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Psychology 1000 Lecture Notes - Anthropomorphism

Course Code
PSYCH 1000
Nick Skinner

of 2
September 27, 2011
Psychology Lecture 2
Methods in Psychology:
1. Descriptive Methods which include:
- Field (naturalistic) observation
- Surveys
- Clinical methods
Clinical methods which include:
-Interviews and Rating scales
-Subjective and Objective tests
-Longitudinal (case) study
2. Experimental Method
Further Definitions:
Field (naturalistic) observation – Watching a person in their natural environment.
Must be systematic because situations are different for all people as well the
observer is unaware of if the situation is common or foreign to the observed. Must
look for the reasons for the behaviour, not just the behaviour itself. Cannot be just
observed in this situation because all observations will only be based on that
instance. In addition they do not have to be restricted to people. The disadvantages
are anthropomorphism (in the study of animals) and despite the amount of
systematic observation we have done we can only describe the behaviour we
cannot explain it.
*Systematic means observing people in as many situations as possible and as many
times as possible. If you observe many people in one situation you only know about
what effect that particular situation has on people.
*Anthropomorphism means applying human qualities to non-human things.
Surveys – is a questionnaire. For a survey to do its job well certain four conditions
must be met.
1. Surveyors must fully understand the purpose of the survey and be skilful in its
2. Methods of analyzing the survey must be foolproof.
3. When one conducts a survey one is surveying a sample of an overall population
of people and this sample must properly represent the whole population.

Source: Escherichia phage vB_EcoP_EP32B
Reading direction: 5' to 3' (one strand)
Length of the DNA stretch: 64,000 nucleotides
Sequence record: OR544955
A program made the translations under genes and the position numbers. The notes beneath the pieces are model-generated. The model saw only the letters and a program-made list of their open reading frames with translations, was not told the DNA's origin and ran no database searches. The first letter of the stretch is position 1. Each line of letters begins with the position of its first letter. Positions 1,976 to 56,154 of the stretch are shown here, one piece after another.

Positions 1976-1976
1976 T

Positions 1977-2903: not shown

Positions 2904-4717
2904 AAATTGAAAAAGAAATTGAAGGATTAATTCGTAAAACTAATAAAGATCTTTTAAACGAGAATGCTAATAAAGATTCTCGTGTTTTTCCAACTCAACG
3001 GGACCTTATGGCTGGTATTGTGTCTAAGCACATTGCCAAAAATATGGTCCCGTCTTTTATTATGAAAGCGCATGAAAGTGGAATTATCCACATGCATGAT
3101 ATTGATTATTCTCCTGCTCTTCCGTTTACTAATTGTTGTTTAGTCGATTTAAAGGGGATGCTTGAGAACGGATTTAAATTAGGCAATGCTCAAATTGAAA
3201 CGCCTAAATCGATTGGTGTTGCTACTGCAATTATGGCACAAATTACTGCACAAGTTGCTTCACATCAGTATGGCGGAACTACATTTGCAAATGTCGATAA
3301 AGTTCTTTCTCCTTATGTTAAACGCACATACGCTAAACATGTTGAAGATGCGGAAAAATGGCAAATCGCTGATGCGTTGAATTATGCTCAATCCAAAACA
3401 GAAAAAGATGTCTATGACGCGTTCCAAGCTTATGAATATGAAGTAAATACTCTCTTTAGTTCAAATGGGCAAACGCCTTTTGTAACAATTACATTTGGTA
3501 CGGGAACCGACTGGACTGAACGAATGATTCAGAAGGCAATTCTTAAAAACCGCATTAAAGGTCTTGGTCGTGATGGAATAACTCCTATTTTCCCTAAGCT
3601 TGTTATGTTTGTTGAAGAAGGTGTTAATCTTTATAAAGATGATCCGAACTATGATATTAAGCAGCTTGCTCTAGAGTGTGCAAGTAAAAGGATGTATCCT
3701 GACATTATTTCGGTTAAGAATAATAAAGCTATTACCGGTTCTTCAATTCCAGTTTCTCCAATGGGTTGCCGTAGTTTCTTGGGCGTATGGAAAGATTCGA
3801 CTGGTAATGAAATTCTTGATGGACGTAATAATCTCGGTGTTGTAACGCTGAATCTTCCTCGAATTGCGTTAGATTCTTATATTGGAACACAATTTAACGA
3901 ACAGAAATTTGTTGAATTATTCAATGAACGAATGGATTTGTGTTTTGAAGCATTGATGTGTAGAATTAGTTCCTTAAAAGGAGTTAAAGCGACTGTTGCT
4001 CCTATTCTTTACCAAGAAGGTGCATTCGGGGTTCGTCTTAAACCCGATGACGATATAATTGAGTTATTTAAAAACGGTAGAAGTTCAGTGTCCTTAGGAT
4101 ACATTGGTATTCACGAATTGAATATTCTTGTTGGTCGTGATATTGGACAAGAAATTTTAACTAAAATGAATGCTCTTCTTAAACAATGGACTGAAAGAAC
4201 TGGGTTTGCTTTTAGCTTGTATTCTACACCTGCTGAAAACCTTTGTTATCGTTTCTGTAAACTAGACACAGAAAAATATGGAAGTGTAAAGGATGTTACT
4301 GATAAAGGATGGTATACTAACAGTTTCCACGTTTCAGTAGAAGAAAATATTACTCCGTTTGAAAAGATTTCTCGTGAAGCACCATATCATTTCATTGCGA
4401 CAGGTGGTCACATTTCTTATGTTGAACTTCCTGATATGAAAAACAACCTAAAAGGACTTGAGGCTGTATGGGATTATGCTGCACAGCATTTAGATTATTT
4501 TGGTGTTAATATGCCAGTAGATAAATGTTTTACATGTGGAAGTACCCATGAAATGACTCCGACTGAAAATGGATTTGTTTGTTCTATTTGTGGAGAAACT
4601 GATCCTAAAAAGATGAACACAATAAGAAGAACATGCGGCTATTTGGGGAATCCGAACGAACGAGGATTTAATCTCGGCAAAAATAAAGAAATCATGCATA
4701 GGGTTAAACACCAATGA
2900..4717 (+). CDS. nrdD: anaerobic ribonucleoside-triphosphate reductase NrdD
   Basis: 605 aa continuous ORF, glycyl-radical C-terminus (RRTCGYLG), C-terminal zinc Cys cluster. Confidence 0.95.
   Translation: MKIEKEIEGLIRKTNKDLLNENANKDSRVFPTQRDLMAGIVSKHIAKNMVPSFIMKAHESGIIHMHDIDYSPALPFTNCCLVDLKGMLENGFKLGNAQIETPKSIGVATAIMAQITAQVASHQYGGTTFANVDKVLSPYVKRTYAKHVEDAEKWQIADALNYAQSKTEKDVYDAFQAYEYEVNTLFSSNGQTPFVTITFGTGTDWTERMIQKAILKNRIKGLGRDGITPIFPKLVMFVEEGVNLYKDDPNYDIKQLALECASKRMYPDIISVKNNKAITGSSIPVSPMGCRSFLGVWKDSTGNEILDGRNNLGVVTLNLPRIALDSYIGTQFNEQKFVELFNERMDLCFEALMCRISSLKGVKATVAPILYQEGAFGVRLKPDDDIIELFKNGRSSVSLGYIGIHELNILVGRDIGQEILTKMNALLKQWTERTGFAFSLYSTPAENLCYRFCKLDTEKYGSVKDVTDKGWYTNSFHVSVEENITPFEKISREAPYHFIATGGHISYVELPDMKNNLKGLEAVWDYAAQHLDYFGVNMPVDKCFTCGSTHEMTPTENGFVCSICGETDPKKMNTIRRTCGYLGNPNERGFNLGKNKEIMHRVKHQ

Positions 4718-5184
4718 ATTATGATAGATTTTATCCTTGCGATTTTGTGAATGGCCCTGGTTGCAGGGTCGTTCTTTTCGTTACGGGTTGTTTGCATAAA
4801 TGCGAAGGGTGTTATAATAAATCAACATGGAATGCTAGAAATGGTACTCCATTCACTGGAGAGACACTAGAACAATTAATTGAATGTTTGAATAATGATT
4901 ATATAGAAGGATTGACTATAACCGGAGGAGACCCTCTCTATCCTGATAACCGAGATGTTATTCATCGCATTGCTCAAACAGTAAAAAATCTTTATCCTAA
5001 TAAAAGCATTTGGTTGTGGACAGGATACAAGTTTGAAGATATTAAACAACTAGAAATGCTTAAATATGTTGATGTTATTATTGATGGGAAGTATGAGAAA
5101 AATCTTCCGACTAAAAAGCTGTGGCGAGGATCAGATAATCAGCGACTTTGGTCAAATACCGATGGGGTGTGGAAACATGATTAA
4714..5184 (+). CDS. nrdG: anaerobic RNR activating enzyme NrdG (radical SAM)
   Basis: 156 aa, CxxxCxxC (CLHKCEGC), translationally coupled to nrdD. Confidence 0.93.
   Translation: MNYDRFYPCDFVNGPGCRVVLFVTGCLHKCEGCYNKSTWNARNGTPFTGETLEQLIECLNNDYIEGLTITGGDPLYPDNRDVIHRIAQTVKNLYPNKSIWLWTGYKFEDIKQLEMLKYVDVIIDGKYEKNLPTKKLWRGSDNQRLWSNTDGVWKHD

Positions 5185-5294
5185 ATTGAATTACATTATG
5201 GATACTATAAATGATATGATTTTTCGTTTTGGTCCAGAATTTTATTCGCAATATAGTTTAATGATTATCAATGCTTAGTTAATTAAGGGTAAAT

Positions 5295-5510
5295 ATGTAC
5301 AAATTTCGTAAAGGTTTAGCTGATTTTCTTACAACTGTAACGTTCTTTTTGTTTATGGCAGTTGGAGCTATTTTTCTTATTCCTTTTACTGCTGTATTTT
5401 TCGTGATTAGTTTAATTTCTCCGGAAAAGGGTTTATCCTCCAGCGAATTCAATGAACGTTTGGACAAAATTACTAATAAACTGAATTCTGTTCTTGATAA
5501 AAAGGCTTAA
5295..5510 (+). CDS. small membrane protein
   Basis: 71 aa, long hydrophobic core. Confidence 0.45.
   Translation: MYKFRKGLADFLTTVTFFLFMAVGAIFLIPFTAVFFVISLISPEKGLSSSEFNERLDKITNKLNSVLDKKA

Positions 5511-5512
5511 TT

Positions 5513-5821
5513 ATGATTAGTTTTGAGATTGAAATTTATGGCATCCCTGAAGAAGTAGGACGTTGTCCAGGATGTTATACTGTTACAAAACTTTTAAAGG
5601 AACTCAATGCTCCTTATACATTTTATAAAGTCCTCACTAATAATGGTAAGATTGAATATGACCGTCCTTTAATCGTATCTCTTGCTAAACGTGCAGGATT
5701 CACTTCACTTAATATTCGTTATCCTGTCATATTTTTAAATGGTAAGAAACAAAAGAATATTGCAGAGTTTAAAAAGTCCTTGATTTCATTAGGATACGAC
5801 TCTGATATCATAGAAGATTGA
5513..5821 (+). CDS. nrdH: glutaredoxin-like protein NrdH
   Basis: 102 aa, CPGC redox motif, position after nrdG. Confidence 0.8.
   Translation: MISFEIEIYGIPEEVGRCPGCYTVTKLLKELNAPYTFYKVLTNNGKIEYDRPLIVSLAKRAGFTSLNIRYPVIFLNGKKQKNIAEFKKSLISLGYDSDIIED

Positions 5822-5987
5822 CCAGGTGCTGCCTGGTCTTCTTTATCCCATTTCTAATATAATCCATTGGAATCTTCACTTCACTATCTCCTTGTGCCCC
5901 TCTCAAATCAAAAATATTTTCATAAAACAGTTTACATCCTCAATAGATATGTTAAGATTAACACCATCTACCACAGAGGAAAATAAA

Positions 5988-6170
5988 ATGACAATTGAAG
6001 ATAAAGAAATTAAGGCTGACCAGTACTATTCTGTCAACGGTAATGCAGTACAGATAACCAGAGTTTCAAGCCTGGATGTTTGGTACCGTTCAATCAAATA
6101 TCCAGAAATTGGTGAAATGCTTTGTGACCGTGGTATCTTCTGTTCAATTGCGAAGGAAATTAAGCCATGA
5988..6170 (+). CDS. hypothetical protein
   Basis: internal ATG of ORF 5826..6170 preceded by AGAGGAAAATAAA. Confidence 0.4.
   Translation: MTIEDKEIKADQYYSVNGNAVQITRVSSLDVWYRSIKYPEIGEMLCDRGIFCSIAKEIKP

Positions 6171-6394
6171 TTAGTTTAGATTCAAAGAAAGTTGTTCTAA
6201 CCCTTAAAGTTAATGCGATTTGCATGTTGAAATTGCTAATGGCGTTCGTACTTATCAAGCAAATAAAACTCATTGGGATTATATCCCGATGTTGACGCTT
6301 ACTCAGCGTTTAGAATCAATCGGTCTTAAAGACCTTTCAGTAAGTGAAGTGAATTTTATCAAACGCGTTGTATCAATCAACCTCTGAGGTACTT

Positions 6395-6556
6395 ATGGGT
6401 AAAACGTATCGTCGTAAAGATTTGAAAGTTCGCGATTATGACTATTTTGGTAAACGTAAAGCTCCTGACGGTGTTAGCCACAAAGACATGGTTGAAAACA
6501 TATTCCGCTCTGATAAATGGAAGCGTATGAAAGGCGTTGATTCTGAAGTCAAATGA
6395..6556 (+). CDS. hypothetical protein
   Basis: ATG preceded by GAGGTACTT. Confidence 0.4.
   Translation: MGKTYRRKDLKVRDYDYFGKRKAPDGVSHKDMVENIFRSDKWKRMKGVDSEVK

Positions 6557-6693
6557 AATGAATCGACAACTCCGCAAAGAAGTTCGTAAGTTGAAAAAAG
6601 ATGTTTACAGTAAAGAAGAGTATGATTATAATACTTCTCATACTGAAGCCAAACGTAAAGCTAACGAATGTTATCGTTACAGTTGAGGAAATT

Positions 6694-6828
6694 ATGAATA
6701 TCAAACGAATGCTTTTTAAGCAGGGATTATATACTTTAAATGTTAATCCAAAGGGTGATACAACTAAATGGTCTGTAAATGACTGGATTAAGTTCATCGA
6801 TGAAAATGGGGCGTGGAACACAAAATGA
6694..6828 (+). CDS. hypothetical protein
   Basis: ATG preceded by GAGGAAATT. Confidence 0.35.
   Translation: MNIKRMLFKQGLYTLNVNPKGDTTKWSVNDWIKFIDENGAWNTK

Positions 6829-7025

4. The survey question must be prepared so it covers the topic uniformly and must
not generate unhelpful answers (you don’t want undiscriminating answers and you
don’t want bias answers).
The largest group of psychologists are clinical psychologists (on tests).
Clinical Methods – work with people to solve problems by looking at past
(Past) Interviews and rating scales – interviews are a conversation with a definite
purpose. When an interview is conducted what is looked at is what is said as well as
how it is said or what is not said. They look at the past. They also often will talk with
people who know the individual well. Rating scales are scales that are used to rate
someone on certain dimensions. For a rating scale to be useful it must also meet
certain criteria. The rater must be familiar with the use of the scale. Rater must
know the ratie for at least three months. Ideally must be familiar with the ratie in a
variety of roles and situations. If there are multiple ratings then the interpreter must
be aware of special role relationships between the rater and the ratie (boss to
employee vs. co-worker to co-worker).
(Present) Tests- the best source of present state
Subjective, self-report tests, they talk about themselves, only works if people speak
freely and truthfully. However lie scales are imbedded in the tests to observe the
level of truth.
Objective tests – Situation where you don’t know what the test is trying to figure
out. This is done so the person taking the test cannot tailor their answers to benefit
The advantages of tests in that they are mostly paper and pencil tests is that they
can yield a lot of information about people quickly without requiring disruption of
daily routine or complex apparatus.
(Future) Longitudinal (case) study – deals with predictions of the future behaviour.
Involves tracking the behaviour of an individual(s) over time (longitudinal).